Authors: Dylan Symons, Dafang Cao
What is the problem?
The Greater Vancouver has many buses and bus stops maintained by TransLink. Navigating the transit system can be difficult. Many questions can be asked given a transit system, some of which are:
"Which buses stop at stop A?" "Which buses go from stop A to stop B?" "Which stops can be reached from stop A within 4 stops?" "How can one go from stop A to stop B?"
We aim to find out if Prolog would be a suitable tool for creating a system to answer such queries as these.
The data used as program's input will come from https://developer.translink.ca/ServicesGtfs/GtfsData in GTFS format.
What is the something extra?
In addition to answering queries to find bus routes and stops, our system will aim to answer queries that requires factoring in route transfers.
What did we learn from doing this?
Prolog is a viable option for the natural language processing component. For the simple, narrow queries involved in this program it works quite well. There is a limited set of types of answer to look for (trip, bus, route, stop, etc.) and data for most are provided concretely. Similarly, there are a limited number of specifics to query on (specific stops, buses, etc.) and that data is provided concretely. Although our system can't handle all of the possible queries, with more time and resources the simple parsing and interpretation it does could be extended to be much more thorough.
Prolog provides a fairly simple and straightforward framework for creating this TransitPlanner system. Simple queries such as which buses stop at a given stop, which stop is closest to a given latitude and longitude. Our system is also able to find bus rides from one station to another, within certain time constraints. More advanced queries should also be answerable with additional work on the system. The queries are answered on the order of seconds, but without another system to compare with we can't say whether this is fast, slow, or average.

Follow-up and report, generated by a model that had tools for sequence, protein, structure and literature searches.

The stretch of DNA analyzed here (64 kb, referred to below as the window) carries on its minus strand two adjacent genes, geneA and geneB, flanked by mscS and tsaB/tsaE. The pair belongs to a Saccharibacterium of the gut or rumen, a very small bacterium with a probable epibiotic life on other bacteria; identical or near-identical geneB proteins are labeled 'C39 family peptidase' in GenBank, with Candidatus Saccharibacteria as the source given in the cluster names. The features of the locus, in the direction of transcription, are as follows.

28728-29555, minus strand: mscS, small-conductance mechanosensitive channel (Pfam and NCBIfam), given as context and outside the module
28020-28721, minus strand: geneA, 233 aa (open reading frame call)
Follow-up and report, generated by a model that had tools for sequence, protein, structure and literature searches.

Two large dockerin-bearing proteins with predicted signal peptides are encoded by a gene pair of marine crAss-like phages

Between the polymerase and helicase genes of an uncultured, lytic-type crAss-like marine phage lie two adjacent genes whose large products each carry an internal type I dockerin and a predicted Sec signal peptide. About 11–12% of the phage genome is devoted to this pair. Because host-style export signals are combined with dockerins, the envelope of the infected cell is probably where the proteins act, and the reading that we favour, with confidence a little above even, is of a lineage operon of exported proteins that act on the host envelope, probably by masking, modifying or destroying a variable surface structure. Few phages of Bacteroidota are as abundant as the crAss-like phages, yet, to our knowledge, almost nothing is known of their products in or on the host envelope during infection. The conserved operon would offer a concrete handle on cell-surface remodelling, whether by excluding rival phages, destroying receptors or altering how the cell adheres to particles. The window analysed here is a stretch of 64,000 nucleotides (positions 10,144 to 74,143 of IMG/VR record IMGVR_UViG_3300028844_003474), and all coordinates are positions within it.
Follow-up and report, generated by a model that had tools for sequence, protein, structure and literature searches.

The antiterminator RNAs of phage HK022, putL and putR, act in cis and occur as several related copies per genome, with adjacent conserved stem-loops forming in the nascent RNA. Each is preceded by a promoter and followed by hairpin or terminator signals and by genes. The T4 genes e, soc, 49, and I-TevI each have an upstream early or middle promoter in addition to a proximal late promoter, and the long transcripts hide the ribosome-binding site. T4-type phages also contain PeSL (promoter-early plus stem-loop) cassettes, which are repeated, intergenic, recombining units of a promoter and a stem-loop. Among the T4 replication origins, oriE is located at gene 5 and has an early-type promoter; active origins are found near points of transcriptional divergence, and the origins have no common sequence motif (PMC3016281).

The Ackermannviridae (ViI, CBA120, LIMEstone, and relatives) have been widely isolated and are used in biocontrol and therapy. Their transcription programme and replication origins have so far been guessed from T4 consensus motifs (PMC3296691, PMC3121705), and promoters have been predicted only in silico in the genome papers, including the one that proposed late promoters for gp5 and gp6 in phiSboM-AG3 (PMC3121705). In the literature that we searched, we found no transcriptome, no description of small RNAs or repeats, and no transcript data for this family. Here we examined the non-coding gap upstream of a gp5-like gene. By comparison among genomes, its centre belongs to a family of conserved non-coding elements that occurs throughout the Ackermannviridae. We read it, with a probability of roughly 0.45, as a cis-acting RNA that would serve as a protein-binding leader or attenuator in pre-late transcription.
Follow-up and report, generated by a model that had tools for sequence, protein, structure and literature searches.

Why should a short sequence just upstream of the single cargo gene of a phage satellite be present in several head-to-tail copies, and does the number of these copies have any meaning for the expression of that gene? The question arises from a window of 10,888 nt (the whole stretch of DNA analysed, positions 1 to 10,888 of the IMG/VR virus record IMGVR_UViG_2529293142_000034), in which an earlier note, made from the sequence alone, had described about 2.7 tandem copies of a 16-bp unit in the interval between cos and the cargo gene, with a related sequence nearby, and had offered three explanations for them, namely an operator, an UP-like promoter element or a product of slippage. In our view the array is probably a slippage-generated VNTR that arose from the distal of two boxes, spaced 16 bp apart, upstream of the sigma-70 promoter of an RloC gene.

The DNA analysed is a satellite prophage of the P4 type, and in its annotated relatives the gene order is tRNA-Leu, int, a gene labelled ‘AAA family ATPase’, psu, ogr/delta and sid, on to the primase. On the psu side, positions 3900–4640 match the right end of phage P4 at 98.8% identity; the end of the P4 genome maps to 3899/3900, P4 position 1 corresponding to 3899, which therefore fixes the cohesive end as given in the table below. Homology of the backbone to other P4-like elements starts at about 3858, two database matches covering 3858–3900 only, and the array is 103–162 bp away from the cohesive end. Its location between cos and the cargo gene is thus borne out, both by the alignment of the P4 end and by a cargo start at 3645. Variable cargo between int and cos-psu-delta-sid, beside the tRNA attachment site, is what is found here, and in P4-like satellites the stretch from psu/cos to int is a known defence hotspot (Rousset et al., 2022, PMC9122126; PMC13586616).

One problem we ran into a few times was the limitation of the stack size. The recursive nature of Prolog required the use of a considerable amount of stack space when looking through the data. Specifically, the large number of stop times was prohibitive at times. A more advanced system that answers queries involving multiple stop times (routes between multiple stops) would require exponentially more storage. Although a larger software system would likely have more hardware resources to draw from than we used for this project, there would be alternatives that don't require as much stack space per query. For this reason, a system that stores and accesses the data in a more efficient manner would be preferable over Prolog.
Prolog may be undesirable for use as a database. Having to load the whole knowledge base into memory imposes a slow start-up time as well as non-trivial memory usage. About 90 seconds are required to parse and load 90MB of data into memory, and the memory usage after loading was a staggering 460MB. This can be more problematic if knowledge base is too big for storage in memory.
That being said, Prolog offers powerful meta-programming capability. Our implementation took full advantage of being able of generate facts and add them to knowledge base at run time. Our program uses GTFS files as input. At the beginning of the program, GTFS files consisting of CSV(comma seperated value) are parsed. Each row of data is asserted as fact, and each column is asserted as rules for accessing data. The dynamic nature of knowledge base creation allows for certain flexibility in the input data format. For example, our implementation does not assume a certain column order in the program input. It was also experimented to parse input file into prolog source code, before launching. While doing so speeds up the start-up time significantly (50 seconds), memory usage remained unaffected.
Overall, our study has revealed that Prolog would be able to answer the kinds of queries we want, but is more costly in terms of storage and possibly time than other frameworks would be.